It’s a miracle what happens when a man bows in the presence of God and confesses himself to be a lost sinner. And this is a part of the passage, this God-kind of righteousness. It is a righteousness that is imputed to us. It is set to our account like somebody else did it for us, as though you were in debt, somebody else paid it, sent to your account a glorious, saving sum. So this imputed righteousness, this God-kind of righteousness, is given to us through "the blood of Jesus Christ, God’s Son, that cleanseth us from all sin" [1 John 1:7].
Is not that a remarkable thing? Why couldn’t God forgive sin in the same way that He does all of His other work? The marvel of God’s work is mostly by fiat, He just says it and it’s done. Why doesn’t God forgive sin by fiat? Why through the redemptive blood, and agony, and suffering through His Son, Jesus our Lord? [1 John 1:7]. Why not forgive sin by fiat? He says, "Let there be light," and there is light [Genesis 1:3]. He says, "Let there be a firmament," and there is a firmament [Genesis 1:6-7]. He says, "Let there be the dry land," and here’s the earth. He says, "Let the earth bring forth herbs and grasses," and there it grows [Genesis 1:9-11]. And He says, "Let there be luminaries," lights, "in the heavens," and there they are [Genesis 1:14-18]. Why doesn’t He say by fiat, "Your sins are all forgiven?" No blood, no suffering, no cross, no cries, no tears, no death. Why doesn’t God forgive sin by fiat?
Or if that doesn’t please the Lord, why doesn’t God forgive sin mechanically? Let’s say, why doesn’t God forgive sin by washing, by baptism? A minister could wash your sins away, why not that? Or why not by sacraments? The priest could give us the bread and the wine, and we could find freedom from iniquity in the observance of the sacraments. Why not? Or why not we find forgiveness of sins in the mechanical means of penance? "I have sinned this much, therefore I’ll be penitent in this much to offset my sins," why not by penance? Why not God forgive sin mechanically; something that we can do? Or why not God forgive sin by subjective illumination; our emotions, or by our feelings, or by these things that we might experience or know within ourselves? Why doesn’t God forgive our sins by subjective means; things that we might be able to feel or work out in our own selves? Why is it that God does it as He does?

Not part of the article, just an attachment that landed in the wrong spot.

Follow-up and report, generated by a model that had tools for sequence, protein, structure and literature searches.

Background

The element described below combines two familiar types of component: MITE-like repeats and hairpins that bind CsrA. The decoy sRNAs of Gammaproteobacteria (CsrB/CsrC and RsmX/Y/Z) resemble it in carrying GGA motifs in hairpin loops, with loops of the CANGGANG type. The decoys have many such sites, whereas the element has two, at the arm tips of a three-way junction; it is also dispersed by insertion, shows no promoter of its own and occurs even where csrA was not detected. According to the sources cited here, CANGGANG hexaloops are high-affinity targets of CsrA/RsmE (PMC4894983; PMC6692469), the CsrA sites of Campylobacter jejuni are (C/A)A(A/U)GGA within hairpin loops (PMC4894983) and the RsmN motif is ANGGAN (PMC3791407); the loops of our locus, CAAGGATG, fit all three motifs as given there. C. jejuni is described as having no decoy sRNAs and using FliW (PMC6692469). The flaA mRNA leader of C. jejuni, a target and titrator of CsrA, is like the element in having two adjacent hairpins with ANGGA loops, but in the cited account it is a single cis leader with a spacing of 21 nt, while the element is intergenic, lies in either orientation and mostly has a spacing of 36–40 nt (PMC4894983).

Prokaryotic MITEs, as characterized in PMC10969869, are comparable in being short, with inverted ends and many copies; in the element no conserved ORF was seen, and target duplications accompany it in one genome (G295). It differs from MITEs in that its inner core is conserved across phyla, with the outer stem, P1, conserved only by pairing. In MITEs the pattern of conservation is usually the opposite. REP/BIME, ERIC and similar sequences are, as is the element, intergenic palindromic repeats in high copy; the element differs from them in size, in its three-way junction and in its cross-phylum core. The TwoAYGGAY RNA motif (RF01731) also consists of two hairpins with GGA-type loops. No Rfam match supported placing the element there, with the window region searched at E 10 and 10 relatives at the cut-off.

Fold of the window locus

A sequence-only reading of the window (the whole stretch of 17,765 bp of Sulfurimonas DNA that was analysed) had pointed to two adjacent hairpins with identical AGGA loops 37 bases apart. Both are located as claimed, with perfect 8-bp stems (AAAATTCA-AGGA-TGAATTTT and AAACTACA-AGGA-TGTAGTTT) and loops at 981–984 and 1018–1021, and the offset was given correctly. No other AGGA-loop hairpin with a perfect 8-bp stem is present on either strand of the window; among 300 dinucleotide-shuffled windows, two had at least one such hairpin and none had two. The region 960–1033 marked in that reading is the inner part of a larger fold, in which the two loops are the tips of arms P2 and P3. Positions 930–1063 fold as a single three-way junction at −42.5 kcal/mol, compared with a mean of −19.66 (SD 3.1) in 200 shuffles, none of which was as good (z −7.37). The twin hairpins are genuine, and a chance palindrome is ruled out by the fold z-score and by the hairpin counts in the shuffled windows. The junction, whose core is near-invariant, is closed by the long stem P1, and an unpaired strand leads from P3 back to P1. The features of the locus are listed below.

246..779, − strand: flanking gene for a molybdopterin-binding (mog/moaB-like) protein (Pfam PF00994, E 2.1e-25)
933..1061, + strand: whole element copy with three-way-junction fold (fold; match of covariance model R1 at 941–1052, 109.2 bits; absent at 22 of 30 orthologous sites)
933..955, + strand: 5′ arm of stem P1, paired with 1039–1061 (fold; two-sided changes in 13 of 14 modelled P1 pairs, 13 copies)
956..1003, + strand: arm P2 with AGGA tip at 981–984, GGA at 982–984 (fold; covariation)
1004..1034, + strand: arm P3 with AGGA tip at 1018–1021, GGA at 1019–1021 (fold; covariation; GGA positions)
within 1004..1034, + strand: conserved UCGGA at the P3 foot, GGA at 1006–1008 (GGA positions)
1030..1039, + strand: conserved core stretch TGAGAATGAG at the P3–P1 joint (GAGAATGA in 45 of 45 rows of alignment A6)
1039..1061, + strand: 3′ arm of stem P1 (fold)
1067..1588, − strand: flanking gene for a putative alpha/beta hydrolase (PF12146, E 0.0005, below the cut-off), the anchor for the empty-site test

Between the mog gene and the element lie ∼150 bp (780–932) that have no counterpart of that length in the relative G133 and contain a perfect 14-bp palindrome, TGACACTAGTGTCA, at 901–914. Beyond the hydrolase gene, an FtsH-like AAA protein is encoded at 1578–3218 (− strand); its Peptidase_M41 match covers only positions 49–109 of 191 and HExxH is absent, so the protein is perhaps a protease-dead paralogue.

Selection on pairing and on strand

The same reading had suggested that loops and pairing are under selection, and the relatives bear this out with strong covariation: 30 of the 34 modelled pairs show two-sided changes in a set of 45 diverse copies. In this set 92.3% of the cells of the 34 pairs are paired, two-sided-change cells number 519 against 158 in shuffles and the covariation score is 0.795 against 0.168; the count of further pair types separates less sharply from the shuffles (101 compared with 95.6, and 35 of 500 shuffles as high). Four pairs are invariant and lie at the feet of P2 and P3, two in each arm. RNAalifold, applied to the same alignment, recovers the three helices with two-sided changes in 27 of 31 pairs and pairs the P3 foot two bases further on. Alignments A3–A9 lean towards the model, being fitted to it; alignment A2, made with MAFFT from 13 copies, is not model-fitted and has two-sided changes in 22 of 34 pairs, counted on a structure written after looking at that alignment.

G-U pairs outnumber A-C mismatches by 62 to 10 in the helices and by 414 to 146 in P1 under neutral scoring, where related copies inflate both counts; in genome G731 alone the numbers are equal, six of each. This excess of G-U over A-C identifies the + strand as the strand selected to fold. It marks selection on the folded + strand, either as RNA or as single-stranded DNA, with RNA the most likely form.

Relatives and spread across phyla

Well, I’m sure you have thought that when the pastor comes to answer that question, "He’ll have a sure word for us." You will be surprised when I say to you, my sure word is, "I don’t know." I don’t understand; I just know, in the revelation in God’s Book, that sin brings death. And that if sin is to be forgiven, a full penalty must be paid, and it is God’s character that welded those chains together. "The soul that sins shall die" [Ezekiel 18:20], and "The wages of sin is death" [Romans 6:23], and it is something in God that puts those two together. And the only that way that a man can be saved from sin and death is in the payment of the full penalty. Every transgression must be paid for; sin demands death.
And that’s why the glorious redemptive story in the Bible that saves our souls. It began in Eden when God took innocent animals, slew them, and the earth drank up its blood. And He took the skins of those sacrificed animals, slain by the hand of God Himself, to cover the nakedness of the man and his wife [Genesis 3:21]. Why not fig leaves? God says no. No, it is by blood. And that’s why that amazing picture book in the Bible: the tabernacle, and the altar, and the sacrifice, and the whole ritual [Hebrews 9:6-12]. God is teaching us heaven’s nomenclature by picture, as with little children, He is teaching us how to understand. By looking at the picture I know what an altar is, I know what a sacrifice is, I know what confession of sin is; I know what hilasmos is – mercy seat, propitiation – the hilasterion. I know all those things from the picture book.
And when the suppliant, when the repentant sinner brings to the priest of God, say, a lamb, or a sheep, or a bullock, or a goat and the sacrificial animal is tied to the horns of the altar, and the suppliant – the sinner – puts his hands over the head of the victim and confesses there his sin, then the animal is slain; blood is poured out [Leviticus 4:27-31]. It is God’s picture book that I am to understand that when I sin, it is only in atoning blood that I find forgiveness. And thus it was that the apostle Paul will say, "My brethren, I declare unto you the gospel." What is it? "I make known unto you the gospel how that" [1 Corinthians 15:1], first of all, "Christ died for our sins according to the," picture book, according to the revelation, according to the nomenclature, according to the revealed heart of God, He, "died for our sins according to the Scriptures" [1 Corinthians 15:3]. First, not the throne but the cross; first, not the reigning King but the bleeding Savior; first, not the Lion of the tribe of Judah but the Lamb slain from before the foundation of the earth [Revelation 13:8]; "It is the blood of Jesus Christ, God’s Son, that cleanseth us from all sin" [1 John 1:7].